Free Grows Revenue – Just Ask Your Carrier

My Thanksgiving resolution was to write shorter blogs. I am currently still failing, but I want you to know I’m working on it.


Our announcement yesterday, to combine our Java Enterprise System into Solaris, and to deliver it all as free and open source software, has generated no small amount of buzz (If you want to know why I love blogs, it’s because I can measure market reaction, almost immediately – developers, and folks writing blogs are, after all, the target demographic, not the media).


But it also highlights some of the fundamental misunderstandings most folks, especially some journalists, have about free software in the enterprise – that it somehow implies a sacrifice in revenue. Gavin fell into that trap in his coverage. So I thought I’d tell my most representative free software story, and highlight why free software GROWS revenue, not diminishes it.


A while back, nearly three years ago, I was visiting a very fast growing customer. It was not a pleasant meeting – we’d had quality problems in the account, service problems, and a variety of price/performance problems – all of which had made the life of the CIO and CTO squarely miserable.


After talking the customer off the ceiling for an hour or so, the lead executive in the meeting looked at me and said, “we’re about to go into our Christmas season. We’ll sign up more customers on that one day than in the rest of the year combined.” Fair enough. Sounds like a good business opportunity. “So give me your home phone number.”


“What?” I said? “Why do you want it?” He had a perfectly logical answer. “Because I’m betting on you. And if I have any issue whatsoever on Christmas Day, I’m calling you at home, and I want you on the hook with me.” Ok, fine. I gave him my number. (After I reassured myself I had every one of my staff member’s home phone numbers on speed dial.)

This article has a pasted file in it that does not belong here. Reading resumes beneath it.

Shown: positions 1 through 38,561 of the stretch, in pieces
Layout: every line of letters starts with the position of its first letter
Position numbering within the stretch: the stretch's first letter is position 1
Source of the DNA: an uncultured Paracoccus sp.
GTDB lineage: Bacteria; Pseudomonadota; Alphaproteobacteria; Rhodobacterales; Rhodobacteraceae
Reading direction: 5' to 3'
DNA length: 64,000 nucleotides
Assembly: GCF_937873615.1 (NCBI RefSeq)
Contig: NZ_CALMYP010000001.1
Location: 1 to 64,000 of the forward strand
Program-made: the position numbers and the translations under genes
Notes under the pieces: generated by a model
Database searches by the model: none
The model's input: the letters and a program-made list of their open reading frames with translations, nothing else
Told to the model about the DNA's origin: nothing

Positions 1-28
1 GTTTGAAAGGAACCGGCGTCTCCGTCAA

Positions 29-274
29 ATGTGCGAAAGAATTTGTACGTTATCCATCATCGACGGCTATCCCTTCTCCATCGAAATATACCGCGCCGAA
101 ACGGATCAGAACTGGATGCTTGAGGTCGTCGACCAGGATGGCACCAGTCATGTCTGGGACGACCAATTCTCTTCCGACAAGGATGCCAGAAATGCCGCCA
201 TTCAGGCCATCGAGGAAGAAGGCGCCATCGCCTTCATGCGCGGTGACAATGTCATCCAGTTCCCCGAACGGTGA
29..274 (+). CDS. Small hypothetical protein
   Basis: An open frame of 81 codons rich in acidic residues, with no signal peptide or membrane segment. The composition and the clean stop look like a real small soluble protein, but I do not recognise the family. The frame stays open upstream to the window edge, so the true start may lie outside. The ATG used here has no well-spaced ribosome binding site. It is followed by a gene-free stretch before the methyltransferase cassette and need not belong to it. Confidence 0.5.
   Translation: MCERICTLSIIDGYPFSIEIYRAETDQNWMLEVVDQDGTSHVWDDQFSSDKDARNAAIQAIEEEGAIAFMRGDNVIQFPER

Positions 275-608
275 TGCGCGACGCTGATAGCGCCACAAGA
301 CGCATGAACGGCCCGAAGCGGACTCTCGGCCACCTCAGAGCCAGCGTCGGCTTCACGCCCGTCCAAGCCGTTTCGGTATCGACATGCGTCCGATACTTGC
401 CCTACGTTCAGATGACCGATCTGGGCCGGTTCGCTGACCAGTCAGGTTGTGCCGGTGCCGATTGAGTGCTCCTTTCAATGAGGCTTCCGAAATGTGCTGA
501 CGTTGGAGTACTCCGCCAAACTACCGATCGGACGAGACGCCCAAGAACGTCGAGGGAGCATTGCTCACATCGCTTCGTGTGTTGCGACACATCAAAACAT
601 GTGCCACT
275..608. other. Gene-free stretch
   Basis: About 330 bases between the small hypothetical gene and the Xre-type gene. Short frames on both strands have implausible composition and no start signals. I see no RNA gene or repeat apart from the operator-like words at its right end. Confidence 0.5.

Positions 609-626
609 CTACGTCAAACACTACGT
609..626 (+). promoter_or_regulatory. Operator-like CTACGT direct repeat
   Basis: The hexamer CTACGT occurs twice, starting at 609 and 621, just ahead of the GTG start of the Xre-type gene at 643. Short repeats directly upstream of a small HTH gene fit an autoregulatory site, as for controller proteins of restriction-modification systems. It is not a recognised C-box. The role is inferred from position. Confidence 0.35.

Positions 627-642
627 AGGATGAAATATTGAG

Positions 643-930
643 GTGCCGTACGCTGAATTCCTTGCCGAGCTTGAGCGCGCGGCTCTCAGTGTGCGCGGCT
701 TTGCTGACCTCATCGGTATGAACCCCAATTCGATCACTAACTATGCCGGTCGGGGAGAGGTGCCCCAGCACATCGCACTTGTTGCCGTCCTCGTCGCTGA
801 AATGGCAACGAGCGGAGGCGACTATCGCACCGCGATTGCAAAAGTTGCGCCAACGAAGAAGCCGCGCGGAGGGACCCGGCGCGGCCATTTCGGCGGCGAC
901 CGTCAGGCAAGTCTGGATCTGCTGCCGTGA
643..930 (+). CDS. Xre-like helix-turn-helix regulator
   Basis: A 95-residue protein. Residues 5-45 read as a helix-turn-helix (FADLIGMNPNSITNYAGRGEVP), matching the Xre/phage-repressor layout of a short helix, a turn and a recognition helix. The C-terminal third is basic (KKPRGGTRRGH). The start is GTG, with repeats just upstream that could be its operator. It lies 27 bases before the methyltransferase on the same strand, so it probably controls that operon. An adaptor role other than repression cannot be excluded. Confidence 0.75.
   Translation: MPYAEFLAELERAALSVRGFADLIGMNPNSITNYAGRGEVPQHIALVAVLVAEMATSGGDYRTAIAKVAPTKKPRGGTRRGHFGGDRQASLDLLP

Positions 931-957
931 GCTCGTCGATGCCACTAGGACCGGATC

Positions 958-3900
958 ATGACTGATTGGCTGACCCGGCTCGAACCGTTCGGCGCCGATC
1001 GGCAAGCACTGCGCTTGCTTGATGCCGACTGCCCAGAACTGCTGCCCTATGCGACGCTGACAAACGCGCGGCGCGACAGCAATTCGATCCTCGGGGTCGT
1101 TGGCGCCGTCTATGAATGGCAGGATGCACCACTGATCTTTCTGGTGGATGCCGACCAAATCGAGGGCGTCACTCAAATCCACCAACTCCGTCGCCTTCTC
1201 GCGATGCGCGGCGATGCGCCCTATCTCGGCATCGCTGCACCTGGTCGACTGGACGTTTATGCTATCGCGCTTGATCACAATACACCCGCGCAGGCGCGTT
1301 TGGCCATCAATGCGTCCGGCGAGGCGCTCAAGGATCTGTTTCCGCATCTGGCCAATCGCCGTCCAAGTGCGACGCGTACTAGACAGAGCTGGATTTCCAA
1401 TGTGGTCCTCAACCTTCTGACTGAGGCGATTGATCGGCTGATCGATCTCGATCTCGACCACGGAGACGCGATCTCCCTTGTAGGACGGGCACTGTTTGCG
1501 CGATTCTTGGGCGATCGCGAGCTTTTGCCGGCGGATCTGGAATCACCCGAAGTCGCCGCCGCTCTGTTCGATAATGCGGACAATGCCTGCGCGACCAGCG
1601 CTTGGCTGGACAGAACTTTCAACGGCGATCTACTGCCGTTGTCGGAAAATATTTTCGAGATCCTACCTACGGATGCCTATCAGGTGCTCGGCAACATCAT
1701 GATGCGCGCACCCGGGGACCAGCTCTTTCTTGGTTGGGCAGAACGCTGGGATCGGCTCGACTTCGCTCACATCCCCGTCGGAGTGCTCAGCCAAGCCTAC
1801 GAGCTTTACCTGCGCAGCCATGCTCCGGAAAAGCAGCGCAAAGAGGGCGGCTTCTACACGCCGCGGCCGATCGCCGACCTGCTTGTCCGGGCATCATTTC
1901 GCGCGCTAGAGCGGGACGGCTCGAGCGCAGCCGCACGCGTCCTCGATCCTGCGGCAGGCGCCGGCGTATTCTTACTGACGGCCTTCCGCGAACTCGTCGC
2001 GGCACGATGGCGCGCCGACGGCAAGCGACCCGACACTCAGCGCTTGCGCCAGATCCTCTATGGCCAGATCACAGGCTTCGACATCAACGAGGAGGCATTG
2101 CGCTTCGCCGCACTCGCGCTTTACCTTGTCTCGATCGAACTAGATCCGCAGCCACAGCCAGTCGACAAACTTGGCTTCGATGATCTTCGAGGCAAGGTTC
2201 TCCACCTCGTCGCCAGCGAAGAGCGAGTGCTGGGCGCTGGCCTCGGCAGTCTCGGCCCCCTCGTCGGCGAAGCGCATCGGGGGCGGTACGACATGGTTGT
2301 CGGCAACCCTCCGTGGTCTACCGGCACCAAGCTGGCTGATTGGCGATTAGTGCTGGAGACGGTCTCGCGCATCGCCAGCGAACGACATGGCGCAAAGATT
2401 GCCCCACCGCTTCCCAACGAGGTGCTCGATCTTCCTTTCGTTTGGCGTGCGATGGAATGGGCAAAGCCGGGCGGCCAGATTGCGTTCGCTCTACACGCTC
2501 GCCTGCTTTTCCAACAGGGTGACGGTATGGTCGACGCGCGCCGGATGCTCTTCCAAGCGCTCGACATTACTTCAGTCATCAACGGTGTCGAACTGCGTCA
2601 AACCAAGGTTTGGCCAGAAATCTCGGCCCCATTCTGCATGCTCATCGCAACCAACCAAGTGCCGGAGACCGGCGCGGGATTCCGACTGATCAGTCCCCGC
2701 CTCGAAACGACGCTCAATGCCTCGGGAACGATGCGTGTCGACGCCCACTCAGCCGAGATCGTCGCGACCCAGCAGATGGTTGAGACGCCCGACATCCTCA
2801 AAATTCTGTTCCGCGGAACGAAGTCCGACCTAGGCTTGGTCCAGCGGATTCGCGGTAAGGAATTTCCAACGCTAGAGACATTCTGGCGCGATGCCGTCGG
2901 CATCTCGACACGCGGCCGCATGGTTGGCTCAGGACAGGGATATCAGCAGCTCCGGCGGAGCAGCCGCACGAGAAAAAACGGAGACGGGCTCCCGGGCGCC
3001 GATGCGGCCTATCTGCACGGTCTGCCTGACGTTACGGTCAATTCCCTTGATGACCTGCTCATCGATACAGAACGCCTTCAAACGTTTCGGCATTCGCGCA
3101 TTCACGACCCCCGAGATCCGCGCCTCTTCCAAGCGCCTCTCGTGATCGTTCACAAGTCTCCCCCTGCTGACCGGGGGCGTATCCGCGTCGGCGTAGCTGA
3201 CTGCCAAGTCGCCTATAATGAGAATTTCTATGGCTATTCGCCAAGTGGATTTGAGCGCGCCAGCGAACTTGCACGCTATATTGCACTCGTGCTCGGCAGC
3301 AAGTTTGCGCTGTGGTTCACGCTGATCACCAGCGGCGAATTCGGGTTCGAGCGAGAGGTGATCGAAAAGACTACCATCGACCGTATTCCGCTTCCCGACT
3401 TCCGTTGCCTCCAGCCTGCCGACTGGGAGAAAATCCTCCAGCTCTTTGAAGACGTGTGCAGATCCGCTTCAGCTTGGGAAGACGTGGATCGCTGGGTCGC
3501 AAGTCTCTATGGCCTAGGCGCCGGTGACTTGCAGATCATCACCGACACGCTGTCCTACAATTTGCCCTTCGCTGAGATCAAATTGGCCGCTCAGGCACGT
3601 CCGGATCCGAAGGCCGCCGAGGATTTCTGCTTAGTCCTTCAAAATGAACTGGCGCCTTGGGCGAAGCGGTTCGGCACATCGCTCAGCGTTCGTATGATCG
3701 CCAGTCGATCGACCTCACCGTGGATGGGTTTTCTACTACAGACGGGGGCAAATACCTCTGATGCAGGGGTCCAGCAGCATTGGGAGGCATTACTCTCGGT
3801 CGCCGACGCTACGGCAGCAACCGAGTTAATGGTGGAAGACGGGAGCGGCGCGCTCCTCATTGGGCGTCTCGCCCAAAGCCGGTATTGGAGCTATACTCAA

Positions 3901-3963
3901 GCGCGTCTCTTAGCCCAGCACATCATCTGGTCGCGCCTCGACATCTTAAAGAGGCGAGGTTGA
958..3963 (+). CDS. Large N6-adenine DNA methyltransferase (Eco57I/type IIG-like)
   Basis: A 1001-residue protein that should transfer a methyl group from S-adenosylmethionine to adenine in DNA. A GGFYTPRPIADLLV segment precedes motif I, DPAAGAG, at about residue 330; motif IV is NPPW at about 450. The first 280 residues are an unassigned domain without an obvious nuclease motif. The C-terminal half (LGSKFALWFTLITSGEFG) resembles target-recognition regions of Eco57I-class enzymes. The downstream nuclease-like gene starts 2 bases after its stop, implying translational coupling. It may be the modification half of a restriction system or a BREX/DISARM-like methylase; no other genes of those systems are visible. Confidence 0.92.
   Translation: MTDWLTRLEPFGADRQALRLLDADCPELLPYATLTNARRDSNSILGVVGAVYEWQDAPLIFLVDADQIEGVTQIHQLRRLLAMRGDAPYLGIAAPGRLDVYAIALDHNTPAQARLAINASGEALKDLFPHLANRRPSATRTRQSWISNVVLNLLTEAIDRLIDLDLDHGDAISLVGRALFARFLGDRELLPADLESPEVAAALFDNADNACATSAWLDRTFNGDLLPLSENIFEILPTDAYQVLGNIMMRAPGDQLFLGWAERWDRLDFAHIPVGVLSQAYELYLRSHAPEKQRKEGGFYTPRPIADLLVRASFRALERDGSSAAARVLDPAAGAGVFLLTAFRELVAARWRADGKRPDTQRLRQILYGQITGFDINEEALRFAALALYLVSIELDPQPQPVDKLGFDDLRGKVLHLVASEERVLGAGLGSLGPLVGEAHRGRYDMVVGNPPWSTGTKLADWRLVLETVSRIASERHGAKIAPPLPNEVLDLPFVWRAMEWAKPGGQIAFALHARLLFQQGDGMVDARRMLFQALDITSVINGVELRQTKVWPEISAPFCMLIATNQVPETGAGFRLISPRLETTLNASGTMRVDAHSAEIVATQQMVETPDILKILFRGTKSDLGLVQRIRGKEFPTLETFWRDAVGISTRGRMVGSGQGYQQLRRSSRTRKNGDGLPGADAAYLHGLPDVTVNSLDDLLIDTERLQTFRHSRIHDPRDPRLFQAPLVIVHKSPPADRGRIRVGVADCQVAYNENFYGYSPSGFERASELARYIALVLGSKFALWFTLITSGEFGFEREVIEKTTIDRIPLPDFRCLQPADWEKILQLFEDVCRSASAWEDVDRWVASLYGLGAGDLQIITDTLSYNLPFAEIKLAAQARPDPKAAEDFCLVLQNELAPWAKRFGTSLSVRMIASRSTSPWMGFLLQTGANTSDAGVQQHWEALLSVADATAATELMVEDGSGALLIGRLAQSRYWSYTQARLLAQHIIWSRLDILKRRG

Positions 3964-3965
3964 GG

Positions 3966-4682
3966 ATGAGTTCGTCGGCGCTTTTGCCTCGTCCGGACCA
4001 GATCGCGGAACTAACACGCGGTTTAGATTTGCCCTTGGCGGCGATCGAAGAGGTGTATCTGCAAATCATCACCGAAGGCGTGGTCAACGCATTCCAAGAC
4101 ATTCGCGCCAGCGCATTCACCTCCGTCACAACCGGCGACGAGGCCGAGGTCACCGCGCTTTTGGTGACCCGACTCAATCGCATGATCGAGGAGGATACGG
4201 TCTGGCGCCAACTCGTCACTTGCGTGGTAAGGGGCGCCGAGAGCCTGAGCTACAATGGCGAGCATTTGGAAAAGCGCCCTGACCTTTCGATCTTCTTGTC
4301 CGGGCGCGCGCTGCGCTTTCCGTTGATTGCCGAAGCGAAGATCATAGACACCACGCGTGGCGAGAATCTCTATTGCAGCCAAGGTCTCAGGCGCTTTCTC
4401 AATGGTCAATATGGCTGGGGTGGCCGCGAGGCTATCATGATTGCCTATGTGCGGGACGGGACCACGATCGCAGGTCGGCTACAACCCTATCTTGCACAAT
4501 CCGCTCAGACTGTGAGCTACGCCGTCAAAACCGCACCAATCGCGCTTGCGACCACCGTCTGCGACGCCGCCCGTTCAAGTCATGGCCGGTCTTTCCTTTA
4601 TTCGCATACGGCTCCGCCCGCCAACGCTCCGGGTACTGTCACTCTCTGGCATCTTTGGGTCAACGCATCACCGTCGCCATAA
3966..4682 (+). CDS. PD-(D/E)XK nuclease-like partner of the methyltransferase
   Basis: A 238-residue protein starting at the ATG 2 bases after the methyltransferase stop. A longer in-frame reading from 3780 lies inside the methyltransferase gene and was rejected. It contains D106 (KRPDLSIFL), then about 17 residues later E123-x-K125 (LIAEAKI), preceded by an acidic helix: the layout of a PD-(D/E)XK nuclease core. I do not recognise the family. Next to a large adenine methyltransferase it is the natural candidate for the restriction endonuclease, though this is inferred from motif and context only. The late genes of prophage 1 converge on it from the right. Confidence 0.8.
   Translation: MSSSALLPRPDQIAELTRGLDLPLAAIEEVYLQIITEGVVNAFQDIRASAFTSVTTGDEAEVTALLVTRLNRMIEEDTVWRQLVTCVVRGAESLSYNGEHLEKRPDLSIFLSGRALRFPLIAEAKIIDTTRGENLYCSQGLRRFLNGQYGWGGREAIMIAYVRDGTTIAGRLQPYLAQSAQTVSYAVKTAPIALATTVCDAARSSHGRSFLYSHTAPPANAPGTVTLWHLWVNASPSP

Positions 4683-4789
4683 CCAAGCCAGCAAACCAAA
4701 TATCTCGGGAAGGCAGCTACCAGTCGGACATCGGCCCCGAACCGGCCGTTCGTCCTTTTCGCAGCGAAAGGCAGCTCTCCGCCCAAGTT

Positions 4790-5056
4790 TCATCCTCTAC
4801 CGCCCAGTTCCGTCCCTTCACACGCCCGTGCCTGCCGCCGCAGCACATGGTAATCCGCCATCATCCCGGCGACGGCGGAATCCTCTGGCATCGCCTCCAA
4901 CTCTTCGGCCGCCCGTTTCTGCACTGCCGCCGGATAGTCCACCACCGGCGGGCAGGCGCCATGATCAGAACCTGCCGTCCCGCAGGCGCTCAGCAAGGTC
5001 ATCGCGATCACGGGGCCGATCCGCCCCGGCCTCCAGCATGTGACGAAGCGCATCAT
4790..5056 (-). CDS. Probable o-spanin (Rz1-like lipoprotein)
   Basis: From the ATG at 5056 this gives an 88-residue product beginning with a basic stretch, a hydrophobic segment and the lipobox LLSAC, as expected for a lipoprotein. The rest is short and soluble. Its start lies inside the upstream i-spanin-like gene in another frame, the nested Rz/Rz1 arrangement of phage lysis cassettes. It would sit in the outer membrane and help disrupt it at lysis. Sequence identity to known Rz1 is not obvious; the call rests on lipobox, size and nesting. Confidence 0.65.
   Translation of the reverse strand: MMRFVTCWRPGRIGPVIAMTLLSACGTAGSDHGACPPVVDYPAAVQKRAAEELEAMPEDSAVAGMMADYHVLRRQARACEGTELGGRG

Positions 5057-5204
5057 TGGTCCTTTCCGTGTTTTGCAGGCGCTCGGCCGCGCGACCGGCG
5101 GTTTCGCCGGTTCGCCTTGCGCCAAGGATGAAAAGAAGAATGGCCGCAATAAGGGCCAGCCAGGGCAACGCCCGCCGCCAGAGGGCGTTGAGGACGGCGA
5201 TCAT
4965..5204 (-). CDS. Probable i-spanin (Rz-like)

Christmas came. He didn’t call. Whew.


Just a few weeks ago, I met with this same customer in my office. He’s had two years of huge growth (and an account team that’s done a stellar job creating a partnership between our two companies).


He’d come in to drop off a big order, and to get caught up. In the process of delivering the order, he’d inquired about a Sun software product he’d begun using. We talked for a while, and said he’d like to include it on the order. To manage his expectations, I let him know it was about to go to free/open source. He looked to his sales rep and said “HA! I’m not paying you $500K for something that’s free!” The Sun sales rep looked at me like I’d gone insane.


So I looked at the customer and said, “Oh, there’s only one little thing you should know.” “If you’re using the free product without a support contract, don’t bother calling me on Christmas Day. You’ll have to look to the community.”


The customer paused, smiled, and said “Ok, ok – put it back on the order.”


The point being, Sun doesn’t have a single customer, worldwide, that will run an unsupported product in their datacenter. Do such customers exist? Surely. They’re called developers. Or startups. Or companies or economies that want to build their own internal support teams. That’s the target for the Solaris Enterprise System. That’s who uses free software without support contracts. And you’re not going to win them over if you don’t provide them with free and open source products. And if you don’t provide them with the technology to use, they’ll find someone else’s free products.


Opening up the Solaris Enterprise System, and giving it away for free, lowers the barrier to finding those opportunities. Free software creates volumes that lead the demand for deployments – which generate license and support revenues just as they did before the products were free. Free software grows revenue opportunities.


Opening up Solaris and giving it away for free has led to the single largest wave of adoption Solaris has ever seen – some 3.4 million licenses since February this year (most on HP, curiously). It’s been combined with the single largest expansion in its revenue base. I believe the same will apply to the Java Enterprise System, its identity management and business integration suites specifically. Why?